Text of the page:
I was fortunate enough to spend some time in Los Picos de Europa working with FCQ on behalf of EuCAN, a Dorset-based conservation action group. FCQ are a conservation group working to protect the Bearded vulture, otherwise known as Quebrantahuesos in Spanish, “Bone-breaker” for its diet of bones (and not specifically bone marrow, as is commonly stated in avian literature). The bird is referred to as the Lammergeier (a German phrase) or in Latin as Gypaetus barbartus. “Bearded vulture” is a misleading term because the bird is not all vulture, and its beard is more a moustache.
The Fundacion is an all-action group based in Benia, Asturius in Northern Spain. The organisation aims to promote and aid the work of shepherds in the Picos. By doing so, an ancient aspect of Asturian culture can be maintained, and food for the Quebrantahuesos can be provided, also. The bird will eat the remains of sheep and goats that have died in the region, often waiting alongside Griffon vultures (Gypus fulvus) to finish their banquet of flesh until just the bones are left – the meal of the Quebrantahuesos.
The work of FCQ taught me that conservation is not purely ecological or environmental, but intensely cultural. What is different about conservation in the Picos compared to conservation in London, for example, is that it is a system whereby humans are still a part of the cycle. Conservation need not be purely aesthetic, as in the preservation of nature’s beauty, which is a common conception. In the case of the farmers of the Picos, it’s about preserving a way of life. If, perhaps, conservation in urbanised England represents a longing to return to a lifestyle much closer and in keeping with nature, then the work in the Picos is an attempt for people to maintain a lifestyle close to and dependent on the natural world.
Please click any image to view more photos on my Flickr page, and please visit the websites linked at the top and bottom of the page.
Diego and Jose at FCQ headquarters
Rafa shearing his sheep. This is an annual event for a shepherd, and EuCAN mucked-in to help with the workload, some 300 or more animals
The Picos glimpsed on either side of a vehicle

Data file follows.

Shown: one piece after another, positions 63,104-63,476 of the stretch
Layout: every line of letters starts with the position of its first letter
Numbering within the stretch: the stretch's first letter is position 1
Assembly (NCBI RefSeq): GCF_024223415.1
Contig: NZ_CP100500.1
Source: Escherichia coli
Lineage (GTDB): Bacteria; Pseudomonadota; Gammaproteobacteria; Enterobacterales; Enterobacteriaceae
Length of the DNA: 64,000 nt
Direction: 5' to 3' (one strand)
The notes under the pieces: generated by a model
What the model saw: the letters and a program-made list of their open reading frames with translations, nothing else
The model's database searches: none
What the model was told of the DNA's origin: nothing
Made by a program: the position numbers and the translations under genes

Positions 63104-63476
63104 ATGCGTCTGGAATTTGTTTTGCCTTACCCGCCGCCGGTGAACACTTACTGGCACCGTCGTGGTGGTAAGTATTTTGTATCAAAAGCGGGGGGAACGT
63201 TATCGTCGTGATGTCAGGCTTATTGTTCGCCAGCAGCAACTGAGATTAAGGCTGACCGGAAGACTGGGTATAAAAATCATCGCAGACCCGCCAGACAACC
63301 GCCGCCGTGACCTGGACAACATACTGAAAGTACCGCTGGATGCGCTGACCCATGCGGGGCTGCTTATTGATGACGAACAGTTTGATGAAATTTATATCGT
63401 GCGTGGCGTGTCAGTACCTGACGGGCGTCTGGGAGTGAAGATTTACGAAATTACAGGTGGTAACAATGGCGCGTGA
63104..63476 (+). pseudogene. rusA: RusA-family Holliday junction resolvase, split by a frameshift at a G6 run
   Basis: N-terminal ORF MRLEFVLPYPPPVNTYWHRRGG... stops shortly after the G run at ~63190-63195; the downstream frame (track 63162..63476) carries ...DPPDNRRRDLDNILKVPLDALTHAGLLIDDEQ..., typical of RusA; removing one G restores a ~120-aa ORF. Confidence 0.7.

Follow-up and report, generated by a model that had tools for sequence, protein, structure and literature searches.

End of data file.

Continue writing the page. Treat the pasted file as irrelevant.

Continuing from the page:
EuCAN and FCQ building Quebrantahuesos release pens. This is where the young will be reared and liberated from, into the mountains overhead
Two farmers in Belbin, a summer village in the Picos. The farmers spend the summer here making goats cheese
A Nightjar (Caprimulgus europaeus), one of the many avian delights of the region
Woodland brown butterfly (Lopinga achine)
Nigel Burch moved to Spain thirty-years-ago. Trained in horticulture he runs a hotel and organic farm with his family in the Picos. Nigel has an apple orchard, livestock, vegetable gardens and resplendent wildflower meadows. He said his aim was to promote biodiversity and his land was living-proof of the benefits diversifying plant and animal-life can bring.
Cattle roam the Picos. The sound of cowbells jingling is commonly heard
Steve Bennett talks to an audience at the FCQ centre in Benia. Steve outlined the aims of EuCAN, the difficulties in securing funding for a not-for-profit organisation in a time of great financial strain for many European organisations and people alike
Diego & Chris take a breather during a 5-hour-long process of beam dragging. Low-carbon transportation is the law in the inhospitable terrain that much of the Picos poses. EuCAN joined forces with FCQ to build a bridge linking two valleys, the aim of which is to allow shepherds and their livestock access to another part of the Picos for further grazing. More livestock also means more food for the Quebrantahuesos
FCQ (Fundacion para la Conservacion del Quebrantahuesos)
EuCAN (European Conservation Action Network)
© All Rights Reserved, Daniel James Greenwood, 2011